Did a little known amateur scientist by the name of Andrew Crosse discover how to create life? Did he unintentionally discover a mixture of electricity and chemicals which yielded living creatures from a lifeless compound? If he did not, then what did he achieve? As the written account of his handiwork is vivid, only the baffling and inexplicable results annoy science.
Andrew Crosse was born on June 17, 1784, into a wealthy family at Fyne Court, Broomfield, Somersetshire, England. The ancestral home of his family was Fyne Court, whose ancestors in the 17th century were granted a coat of arms. Crosse was a child prodigy who mastered ancient Greek by the age of eight. He attended Dr. Seyer’s School in Bristol in 1793, where he had an immense interest in natural science and the developing study of electricity. His father was a friend of both the scientists Joseph Priestley (1733–1804) and Benjamin Franklin (1706–1790). Crosse continued his education in 1802 at Brasenose College, Oxford, as a gentlemen commoner, but he was not happy at Brasenose. He found many of the students simple minded and unrestrained and the tutors inadequate.
The death of his mother in 1805 left him an orphan. By that time his father, sister, uncle, and two of his best friends had already passed on. Crosse retired to a lonesome life at Fyne Court, where he continued to study mineralogy, electricity, and chemistry. He became friendly with George Singer, who was anthologizing his book Elements of Electricity and ElectroChemistry, published in 1814.
Beginning in 1807, Crosse experimented in the formation of crystals through the action of electrical currents. The incentive for this type of research was the study of the formation of stalagmites and stalactites in Holywell Cavern at Broomfield. Crosse took some water from Holywell Cavern and linked it to the poles of a voltaic battery. Crosse observed the formation of crystals after ten days. This experiment was a predecessor of an amplification 30 years later when Crosse claimed to have observed the production of insect life through electrocrystallization.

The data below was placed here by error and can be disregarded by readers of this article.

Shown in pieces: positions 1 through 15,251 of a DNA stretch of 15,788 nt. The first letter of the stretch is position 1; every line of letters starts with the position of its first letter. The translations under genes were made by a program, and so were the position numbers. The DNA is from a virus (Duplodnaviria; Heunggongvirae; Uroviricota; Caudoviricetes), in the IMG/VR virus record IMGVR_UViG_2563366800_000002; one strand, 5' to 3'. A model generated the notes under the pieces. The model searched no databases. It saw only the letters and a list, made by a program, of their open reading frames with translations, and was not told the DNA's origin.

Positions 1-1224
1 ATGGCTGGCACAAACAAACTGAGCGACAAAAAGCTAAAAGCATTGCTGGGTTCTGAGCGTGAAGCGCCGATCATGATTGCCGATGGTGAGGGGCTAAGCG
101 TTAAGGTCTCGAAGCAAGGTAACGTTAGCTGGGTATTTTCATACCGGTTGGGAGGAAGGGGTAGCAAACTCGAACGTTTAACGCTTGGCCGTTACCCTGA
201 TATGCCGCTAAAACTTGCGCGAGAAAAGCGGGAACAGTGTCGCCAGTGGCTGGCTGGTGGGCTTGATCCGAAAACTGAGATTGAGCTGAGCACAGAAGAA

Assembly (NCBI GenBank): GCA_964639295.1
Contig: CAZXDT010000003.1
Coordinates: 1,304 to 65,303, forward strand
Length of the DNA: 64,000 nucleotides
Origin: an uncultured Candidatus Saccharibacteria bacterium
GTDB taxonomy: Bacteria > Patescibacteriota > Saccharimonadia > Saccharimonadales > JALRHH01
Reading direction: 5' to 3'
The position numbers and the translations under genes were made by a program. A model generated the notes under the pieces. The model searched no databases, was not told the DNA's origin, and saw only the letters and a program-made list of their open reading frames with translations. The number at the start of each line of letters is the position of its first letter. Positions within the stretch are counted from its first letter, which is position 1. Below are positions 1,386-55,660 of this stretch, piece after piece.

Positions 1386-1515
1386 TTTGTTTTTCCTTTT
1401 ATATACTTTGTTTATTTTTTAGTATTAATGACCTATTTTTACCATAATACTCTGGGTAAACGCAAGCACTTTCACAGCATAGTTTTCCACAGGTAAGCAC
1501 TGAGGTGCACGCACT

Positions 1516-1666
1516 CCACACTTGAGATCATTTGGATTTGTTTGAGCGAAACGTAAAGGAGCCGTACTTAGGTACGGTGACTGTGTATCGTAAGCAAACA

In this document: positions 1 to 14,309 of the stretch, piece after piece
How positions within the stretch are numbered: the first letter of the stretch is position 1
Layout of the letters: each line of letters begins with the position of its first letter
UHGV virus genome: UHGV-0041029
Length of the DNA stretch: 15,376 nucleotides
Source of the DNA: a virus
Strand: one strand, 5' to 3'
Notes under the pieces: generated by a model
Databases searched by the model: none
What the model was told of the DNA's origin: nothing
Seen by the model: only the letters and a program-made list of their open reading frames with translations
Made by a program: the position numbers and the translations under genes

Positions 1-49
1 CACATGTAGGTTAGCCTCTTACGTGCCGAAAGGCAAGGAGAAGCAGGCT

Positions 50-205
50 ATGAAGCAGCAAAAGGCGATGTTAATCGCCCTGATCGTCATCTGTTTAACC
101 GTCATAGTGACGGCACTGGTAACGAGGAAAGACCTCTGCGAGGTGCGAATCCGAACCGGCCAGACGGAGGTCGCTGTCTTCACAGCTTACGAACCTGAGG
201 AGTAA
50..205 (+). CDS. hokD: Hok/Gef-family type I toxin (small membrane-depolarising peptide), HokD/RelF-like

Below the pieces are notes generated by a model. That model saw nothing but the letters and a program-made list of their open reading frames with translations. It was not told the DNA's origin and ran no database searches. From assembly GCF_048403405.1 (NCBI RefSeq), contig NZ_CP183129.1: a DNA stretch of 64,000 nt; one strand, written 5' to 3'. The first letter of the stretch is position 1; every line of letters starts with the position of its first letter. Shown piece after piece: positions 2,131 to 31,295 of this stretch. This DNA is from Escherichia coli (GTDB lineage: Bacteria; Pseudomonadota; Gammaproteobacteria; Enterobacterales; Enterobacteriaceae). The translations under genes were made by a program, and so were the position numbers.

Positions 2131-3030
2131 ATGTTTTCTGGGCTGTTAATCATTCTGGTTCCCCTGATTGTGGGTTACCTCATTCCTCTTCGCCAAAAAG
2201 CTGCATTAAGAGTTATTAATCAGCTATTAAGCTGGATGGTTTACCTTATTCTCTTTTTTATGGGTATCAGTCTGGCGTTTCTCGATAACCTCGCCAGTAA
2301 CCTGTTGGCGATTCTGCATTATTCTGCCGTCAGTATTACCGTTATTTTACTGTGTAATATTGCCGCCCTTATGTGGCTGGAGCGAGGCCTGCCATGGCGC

In 1809, Crosse married Mary Anne Hamilton, and within ten years they had seven children, three of whom died in childbirth. Crosse’s friend Singer also passed away in 1817, only three years after his book on electricity was published. Crosse became more and more secluded from the world and devoted himself to his scientific research.
The neighbors of Andrew Crosse considered him more devil than man. They did not understand the bright flashes in his laboratory windows at night when he was working with his unrefined electrical equipment. He constructed a mile and a quarter of copper wires on poles at Fyne Court, connected to his “electrical room,” where he experimented on the nature and amount of electricity in the atmosphere. Not only was he greatly feared and avoided by the local residents as “the thunder and lighting man” and “the Wizard of the Quantocks” (the nearby Quantock Hills), but he was also condemned openly as an atheist, a blasphemer, and a mad scientist who would best be put in chains for the common safety of the community.
Andrew Crosse was a passionate amateur experimenter in the new field of electricity. He did not communicate with others in the same field, so he worked with two things against him. First, he did not exactly understand what he was doing himself, and second, he did not know what had already been done in the field of electricity.
As Frank Edwards wrote in Stranger Than Science, “Yet it may have been this very lack of knowledge which led him to undertake the experiments which were to inscribe his name, however faintly, in the annals of science.”
In 1814, when Crosse was 30, he presented a lecture on his experiments, and there is a strong possibility that it was attended by the poet Shelley and by his future wife Mary. If this is true, then it may have inspired Mary to write her famous novel Frankenstein in 1816, and there would be some vindication for portraying Crosse, as one modern biographer has written, as “the man who was Frankenstein.”